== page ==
Thursday, December 19, 2019

Researchers produce first laser ultrasound images of humans

Photo courtesy MIT News
PARCA eNews – Dec. 19, 2019 – MIT engineers have demonstrated an alternative to conventional ultrasound that doesn’t require contact with the body to see inside a patient.

In a paper published Dec. 19, 2019 in the Nature journal Light: Science and Applications, the researchers scanned the forearms of several volunteers and observed common tissue features such as muscle, fat, and bone, down to about 6 centimeters below the skin. The images were judged comparable to conventional ultrasound, but were produced without patient contact using remote lasers focused on a volunteer from half a meter away.

“We’re at the beginning of what we could do with laser ultrasound,” Senior Author Brian W. Anthony, a principal research scientist in MIT’s Department of Mechanical Engineering and Institute for Medical Engineering and Science (IMES) said in a press release. “Imagine we get to a point where we can do everything ultrasound can do now, but at a distance. This gives you a whole new way of seeing organs inside the body and determining properties of deep tissue, without making contact with the patient.”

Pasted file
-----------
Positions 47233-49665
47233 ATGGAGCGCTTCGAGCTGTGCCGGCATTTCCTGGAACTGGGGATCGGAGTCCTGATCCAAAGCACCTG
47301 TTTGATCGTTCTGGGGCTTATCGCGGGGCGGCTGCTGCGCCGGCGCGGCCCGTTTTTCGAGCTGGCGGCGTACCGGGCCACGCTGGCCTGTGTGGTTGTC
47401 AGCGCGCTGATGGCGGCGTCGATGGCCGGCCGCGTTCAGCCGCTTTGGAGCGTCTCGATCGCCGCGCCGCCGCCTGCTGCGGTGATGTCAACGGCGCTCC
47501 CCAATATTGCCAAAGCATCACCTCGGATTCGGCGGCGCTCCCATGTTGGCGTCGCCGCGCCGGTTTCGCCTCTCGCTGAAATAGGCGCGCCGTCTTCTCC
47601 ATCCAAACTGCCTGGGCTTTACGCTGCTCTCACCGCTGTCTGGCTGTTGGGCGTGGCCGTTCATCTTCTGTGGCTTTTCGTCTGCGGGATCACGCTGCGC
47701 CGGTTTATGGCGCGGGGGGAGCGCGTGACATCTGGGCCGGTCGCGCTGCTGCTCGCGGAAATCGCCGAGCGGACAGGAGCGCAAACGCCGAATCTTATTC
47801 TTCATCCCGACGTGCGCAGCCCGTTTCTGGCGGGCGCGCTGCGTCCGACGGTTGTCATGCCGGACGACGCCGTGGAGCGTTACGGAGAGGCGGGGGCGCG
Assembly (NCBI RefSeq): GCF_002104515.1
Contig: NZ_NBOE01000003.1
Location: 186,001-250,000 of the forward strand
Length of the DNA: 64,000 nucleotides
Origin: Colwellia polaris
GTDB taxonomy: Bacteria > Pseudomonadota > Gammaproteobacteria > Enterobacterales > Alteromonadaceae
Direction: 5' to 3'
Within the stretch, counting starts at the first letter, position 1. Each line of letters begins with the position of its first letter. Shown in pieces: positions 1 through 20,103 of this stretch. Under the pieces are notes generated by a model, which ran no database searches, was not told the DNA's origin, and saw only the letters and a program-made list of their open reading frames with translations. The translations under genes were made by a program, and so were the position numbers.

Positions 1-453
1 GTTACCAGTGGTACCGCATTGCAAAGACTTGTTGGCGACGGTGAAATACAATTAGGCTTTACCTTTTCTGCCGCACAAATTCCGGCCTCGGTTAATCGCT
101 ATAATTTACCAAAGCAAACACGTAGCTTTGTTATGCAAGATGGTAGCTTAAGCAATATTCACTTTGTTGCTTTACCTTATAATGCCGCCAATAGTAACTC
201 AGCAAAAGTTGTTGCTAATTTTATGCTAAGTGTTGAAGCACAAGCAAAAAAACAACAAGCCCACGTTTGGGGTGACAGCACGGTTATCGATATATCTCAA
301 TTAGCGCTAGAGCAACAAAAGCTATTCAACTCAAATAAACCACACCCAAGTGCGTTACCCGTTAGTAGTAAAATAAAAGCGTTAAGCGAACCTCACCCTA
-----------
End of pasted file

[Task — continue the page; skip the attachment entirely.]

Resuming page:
The new laser ultrasound technique leverages an eye- and skin-safe laser system to remotely image internal tissues. When trained on a patient’s skin, one laser remotely generates sound waves that bounce through the body. A second laser remotely detects the reflected waves, which researchers then translate into an image similar to conventional ultrasound.

The advance is seen as an alternative to conventional ultrasound for patients who don’t or cannot tolerate the ultrasound probe, such as babies, burn victims, or other patients with sensitive skin.

The researchers plan to keep refining their technique, and are looking to boost the system’s performance image resolution.

Source MIT Press Release

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